Eating the Fence?

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Eating the Fence?

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  • 1 Post By Cherie

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    12-22-2012, 02:03 PM
Eating the Fence?

At the barn I volunteer at, the pasture fences are made out of wood (old wood, not rotting but kind of weak). When I go to bring horses in, I notice that the fence has been chewed on before. At first I thought the horse that cribs in his stall must be doing it out there, too. However, the other day, I watched two horses literally bite little splintery pieces off the fence and eat them. If this gives any clue, I've only seen them do it when the fence is wet, but the fence is almost never dry because of rain.
Is this dangerous behavior, or is it normal and I've just never seen it before? Could it be caused by stress? Poor diet? I'm worried that they might ingest some splinters or something and hurt themselves, and all of the pastures with vinyl-type fences are flooded. I haven't asked anyone else about it and I won't be back until after the holidays. What should I do once I get back? Thanks!
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    12-22-2012, 03:39 PM
Wood chewing isn't cribbing. Cribbing is when a horse bites down on a hard surface a sucks in air. My horses will wood chew from time to time. Some say it is boredom, lack of forage, mineral deficiency....personally, the more room to roam and graze the better off they are mentally and physically. But those aren't always options so, make sure their diet is balanced and they have access to enough hay/forage.
    12-22-2012, 05:06 PM
Green Broke
I agree with what goneriding has said. If limited space is all that is available for these horses perhaps a slow hay feeder system would help keep them occupied longer and away from the fences. Also, I've always suspected that some woods have a taste factor to them (it's either in the wood itself or from the sap that the wood produced) and depending on what's happening with the weather, etc., the "flavour" is heightened and thus becomes of interest to the horses. I don't know what to say about the splinter possibility. I would hope the horses have the sense to spit them out or else grind and mash them with their teeth to the point they're not troublesome.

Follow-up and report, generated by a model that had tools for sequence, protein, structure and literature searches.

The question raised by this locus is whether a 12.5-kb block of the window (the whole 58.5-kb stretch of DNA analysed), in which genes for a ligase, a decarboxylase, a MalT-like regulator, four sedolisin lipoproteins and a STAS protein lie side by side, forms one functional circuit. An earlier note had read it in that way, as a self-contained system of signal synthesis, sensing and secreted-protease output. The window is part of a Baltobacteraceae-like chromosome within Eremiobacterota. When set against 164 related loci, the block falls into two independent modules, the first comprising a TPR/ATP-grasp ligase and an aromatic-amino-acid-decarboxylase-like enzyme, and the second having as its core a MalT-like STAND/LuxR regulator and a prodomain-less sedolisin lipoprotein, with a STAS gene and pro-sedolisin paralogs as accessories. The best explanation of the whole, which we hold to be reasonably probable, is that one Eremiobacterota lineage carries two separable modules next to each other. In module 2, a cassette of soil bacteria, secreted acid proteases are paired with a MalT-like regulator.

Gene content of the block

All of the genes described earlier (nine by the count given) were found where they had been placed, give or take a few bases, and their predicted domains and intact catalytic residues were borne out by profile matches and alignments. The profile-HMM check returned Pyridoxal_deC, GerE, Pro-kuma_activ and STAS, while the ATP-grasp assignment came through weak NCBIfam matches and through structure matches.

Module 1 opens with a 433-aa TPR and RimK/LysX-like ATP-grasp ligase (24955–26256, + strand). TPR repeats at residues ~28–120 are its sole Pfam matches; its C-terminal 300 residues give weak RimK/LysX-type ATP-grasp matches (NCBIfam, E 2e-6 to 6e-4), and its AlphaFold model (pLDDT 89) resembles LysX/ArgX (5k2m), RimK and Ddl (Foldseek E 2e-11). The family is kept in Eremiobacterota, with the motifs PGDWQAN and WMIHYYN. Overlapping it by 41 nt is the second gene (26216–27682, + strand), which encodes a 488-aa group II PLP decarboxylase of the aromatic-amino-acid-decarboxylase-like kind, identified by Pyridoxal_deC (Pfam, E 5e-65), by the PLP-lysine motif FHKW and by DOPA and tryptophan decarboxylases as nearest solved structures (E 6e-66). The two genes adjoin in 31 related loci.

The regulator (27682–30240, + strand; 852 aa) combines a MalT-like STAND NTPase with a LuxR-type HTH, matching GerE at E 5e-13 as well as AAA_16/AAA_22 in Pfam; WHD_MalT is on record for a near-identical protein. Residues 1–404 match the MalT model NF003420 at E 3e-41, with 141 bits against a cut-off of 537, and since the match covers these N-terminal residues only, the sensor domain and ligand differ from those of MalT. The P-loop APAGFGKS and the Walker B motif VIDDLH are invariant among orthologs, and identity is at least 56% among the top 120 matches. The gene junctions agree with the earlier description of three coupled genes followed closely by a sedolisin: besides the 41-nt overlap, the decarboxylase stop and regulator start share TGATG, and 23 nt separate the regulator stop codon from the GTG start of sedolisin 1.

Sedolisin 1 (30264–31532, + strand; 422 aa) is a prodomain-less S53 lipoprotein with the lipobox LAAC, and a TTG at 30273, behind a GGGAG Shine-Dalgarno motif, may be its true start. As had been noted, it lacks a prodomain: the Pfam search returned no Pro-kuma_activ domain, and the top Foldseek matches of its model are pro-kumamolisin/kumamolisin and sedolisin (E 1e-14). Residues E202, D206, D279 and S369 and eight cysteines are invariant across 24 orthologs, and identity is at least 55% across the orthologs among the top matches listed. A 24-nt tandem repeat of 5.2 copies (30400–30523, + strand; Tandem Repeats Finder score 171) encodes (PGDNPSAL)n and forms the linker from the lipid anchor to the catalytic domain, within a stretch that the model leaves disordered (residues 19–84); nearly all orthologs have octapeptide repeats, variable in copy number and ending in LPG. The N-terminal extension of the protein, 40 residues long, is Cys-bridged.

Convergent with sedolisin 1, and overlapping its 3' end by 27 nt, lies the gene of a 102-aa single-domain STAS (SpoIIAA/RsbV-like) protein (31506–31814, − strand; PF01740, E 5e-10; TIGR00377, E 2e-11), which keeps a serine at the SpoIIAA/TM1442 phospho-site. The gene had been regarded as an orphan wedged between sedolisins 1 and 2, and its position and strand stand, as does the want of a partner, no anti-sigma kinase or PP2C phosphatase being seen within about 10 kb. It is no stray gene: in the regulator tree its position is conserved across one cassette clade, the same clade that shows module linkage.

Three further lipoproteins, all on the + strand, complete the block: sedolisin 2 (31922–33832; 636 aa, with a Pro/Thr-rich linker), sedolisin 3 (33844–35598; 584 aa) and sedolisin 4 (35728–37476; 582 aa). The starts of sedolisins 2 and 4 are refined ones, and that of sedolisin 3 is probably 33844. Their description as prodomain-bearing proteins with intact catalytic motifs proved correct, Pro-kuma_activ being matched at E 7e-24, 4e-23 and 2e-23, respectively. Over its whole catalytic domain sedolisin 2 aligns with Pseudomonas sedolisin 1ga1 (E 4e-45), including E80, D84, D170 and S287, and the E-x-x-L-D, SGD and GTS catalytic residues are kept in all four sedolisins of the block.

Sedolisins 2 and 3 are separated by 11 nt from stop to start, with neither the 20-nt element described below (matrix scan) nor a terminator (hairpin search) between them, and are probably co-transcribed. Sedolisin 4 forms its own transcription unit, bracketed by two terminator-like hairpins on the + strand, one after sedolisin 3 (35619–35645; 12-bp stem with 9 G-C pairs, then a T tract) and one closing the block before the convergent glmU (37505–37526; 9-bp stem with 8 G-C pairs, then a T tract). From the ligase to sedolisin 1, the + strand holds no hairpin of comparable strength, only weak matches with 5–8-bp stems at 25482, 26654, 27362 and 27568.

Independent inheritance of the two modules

12-22-2012, 05:53 PM
My pony started eating wood, boredom caused it and frustration of being penned up. I put up a strand of hot wire, problem solved. I do not need him destroying the property when he can find other things to do other than eating all the time! [he's fat...all he does is eat, it's annoying]

If you don't want the fence to be eaten, add hot wire or see if they will move him to where there is fencing made from something else.
Also give him more to do out there.
    12-22-2012, 06:02 PM
Some horses just chew. My Arab colt is on 20+ acres of grass during the day, yet he still chews the fencing. The BO puts a metal muzzle type thing on his halter when he goes out that allows him to graze but not chew the fences. It's similar to this:

    12-22-2012, 07:52 PM
I think it boredom my horses could chew down a fence line in one night. We were ready to kill them all one winter. Started feeding hay free choice and put out mineral blocks and now the fence eating has stopped.
    12-23-2012, 04:35 PM
Thanks for the suggestions! I will try them! :)
    12-23-2012, 10:39 PM
Super Moderator
Most horses the eat and/or chew wood are missing enough Calcium (Ca) in their diets. They are usually eating grass or grass hay and not much alfalfa -- if any.

All grains and most grasses have way too little Ca in them to balance out the Phosphorus (P) in their diet.

We feed a loose mineral that has 4-5 times more Ca in it than P. It is also 25% salt and has 2% Magnesium (Mg) in it. Horses that come in new usually eat it like candy for a week or two. Horses that have previously devoured trees and every wood fence they got near, all quit when they filled up on the high Ca mineral. Horses that need Ca will eat the bark off of older trees, eat young trees up completely and will eat any wood they can chew. They will eat paint and will lick dirt. All these things are called 'pica' and feeding a mineral free choice that they need will stop it.
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